Best of all Carl Sheeler finished with less than 8% of the vote in the Democratic Senate race, behind Sheldon Whitehouse (who won a monstrous 81.6% of the vote) and Christopher F. Young (10.4%). That the DailyKos styled progressive candidate, Sheeler, finished behind Young, a candidate who made no effort to advertise - or even create a webpage for his campaign - adds a delicious touch of schadenfreude, especially after his bizarre comments on this blog.
So what's next? I hold my nose and vote for Chafee when I have to choose between him and Sheldon Whitehouse, but hold my head up high voting to re-elect Governor Carcieri and Providence Mayor David Cicilline.
So how did I do scorecard wise? Just terrible, thanks. Steve Laffey, Kernan King and Dave Talan all lost. Carcieri won the Republican nomination, but only because he ran unopposed.
UPDATE: The national press has gone home after Laffey conceded, and can safely go back to ignoring Rhode Island until Chafee's make-or-break stand on election day (or until we have another lethal nightclub fire, whichever comes first).
UPDATE II: Though it has nothing to do with Rhode Island, the Dictators of the World blog has been updated.
Tuesday, September 12, 2006
Senate: Steve Laffey
Governor: Donald "Don" Carcieri
Lt. Governor: Kernan King
Mayor: Dave Talan
Bear in mind that it's only the primaries. In the (unfortunately likely) event that Lincoln Chafee beats Steve Laffey, I'll swallow my bile and vote for Chafee before voting for the abhorrent Sheldon Whitehouse. Similarly, Dave Talan's odds of becoming mayor of Providence are roughly equivalent to my chances of becoming Miss Venezuela. In fact, David Cicilline will likely be the second Democrat I've ever voted for. Who was the first, you ask ... ?
So who am I, a registered Republican, voting for in the state's biggest race? This is, apparently, the million dollar question, and judging by the contents of my mailbox over the past month, I'm one of the most sought after voters in the entire state. However, anyone who's read my blog at all already knows who I'm voting for: it's going to be Steve Laffey all the way.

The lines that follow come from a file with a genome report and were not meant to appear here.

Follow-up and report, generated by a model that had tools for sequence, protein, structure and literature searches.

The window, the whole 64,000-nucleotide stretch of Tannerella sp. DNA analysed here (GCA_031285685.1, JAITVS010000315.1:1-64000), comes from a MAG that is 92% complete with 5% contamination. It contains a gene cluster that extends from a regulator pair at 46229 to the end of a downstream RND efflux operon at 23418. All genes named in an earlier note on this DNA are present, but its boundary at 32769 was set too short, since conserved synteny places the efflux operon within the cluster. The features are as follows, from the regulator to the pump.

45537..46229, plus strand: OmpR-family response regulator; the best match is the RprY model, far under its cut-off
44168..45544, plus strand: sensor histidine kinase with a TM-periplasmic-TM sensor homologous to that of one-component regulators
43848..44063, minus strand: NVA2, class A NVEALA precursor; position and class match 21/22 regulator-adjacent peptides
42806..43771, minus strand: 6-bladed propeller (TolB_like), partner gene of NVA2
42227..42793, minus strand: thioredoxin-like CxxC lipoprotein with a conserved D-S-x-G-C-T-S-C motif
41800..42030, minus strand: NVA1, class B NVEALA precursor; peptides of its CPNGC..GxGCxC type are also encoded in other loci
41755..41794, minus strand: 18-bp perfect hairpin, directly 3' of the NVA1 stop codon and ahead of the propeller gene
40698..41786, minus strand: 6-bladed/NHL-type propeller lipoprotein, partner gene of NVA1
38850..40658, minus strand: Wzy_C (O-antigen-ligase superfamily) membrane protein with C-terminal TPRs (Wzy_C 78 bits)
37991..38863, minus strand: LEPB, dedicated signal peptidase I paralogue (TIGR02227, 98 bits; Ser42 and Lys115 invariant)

I can't wait until the dust settles from this one.
Monday, September 04, 2006
Wednesday, August 30, 2006
On the serious tip, a friend told me about the sad and outrageous case of Anthony Maini of Johnston, who was arraigned on Friday on one count of second degree child molestation, after which, he took his own life on Sunday. What the news accounts apparently fail to mention is that the charges had been dropped after the police determined that the victim fabricated the accusation.
When, exactly, did child molestation start carrying a heavier social stigma than murder? If someone had accused him of murder, society could live with it, but the stigma attached to the mere accusation proved to be a fate worse than death, even when he knew he was innocent. Words fail to convey the tragedy that's taken place here.
Friday, August 18, 2006
While human trafficking and immigration charges may apply, the authorities have no basis for another charge: prostitution. In Rhode Island, prostitution is legal so long as it occurs indoors (streetwalkers and johns doing business outdoors are routinely busted).
Thursday, August 17, 2006
The Club president, Rhode Island native Pat Toomey, is aware of the risks of having Laffey win the primary only to get clobbered by a Democrat in a heavily Democratic state like Rhode Island, saying:
"First, it wouldn't be much of a loss if a new Democrat senator were elected, as he would vote much the same as Chafee does now. Second, it is unlikely this loss would result in tipping control of the Senate back to the Democrats -- though that, too, can't be ruled out. If Republicans lose so many seats that the Rhode Island race is crucial, Chafee would probably lose, too."That's something something I, and most other Rhode Island Republicans, have been saying for months now. Even if Laffey were nominated and lost to Sheldon Whitehouse, the difference between Whitehouse and Chafee's voting records in the senate would be more or less the same. Unlike Connecticut's Joe Lieberman who actually voted with the Democratic party line on nearly everything but the Iraq war, Chafee's a bonafide RINO who would be running as a Democrat if he had any connections in Rhode Island's powerful party apparatus.
Monday, August 14, 2006
The famous kiss pictured above has Rhode Island ties too, as the Naval War College has identified the sailor in the picture as none other than Newport's own George Mendonça. I do hope everyone takes time during the day to remember just how momentous an occasion our victory over the imperial Japanese war machine truly was, and at what terrible cost it was won.
As for what's new in Rhode Island, the venerable Newport Jazz Festival just wound up. I really, honestly had no idea Dave Brubeck was still alive., much less touring. Obviously, apologies are in order.
Lincoln Chafee launched a new campaign ad on TV called "Bully", which paints his Republican primary opponent Steve Laffey as some sort of lunatic in favor of old people dropping dead. Don't bother looking for it on his website, because it's not there. Having seen the ad, I'm just counting down the days until I can vote against Chafee.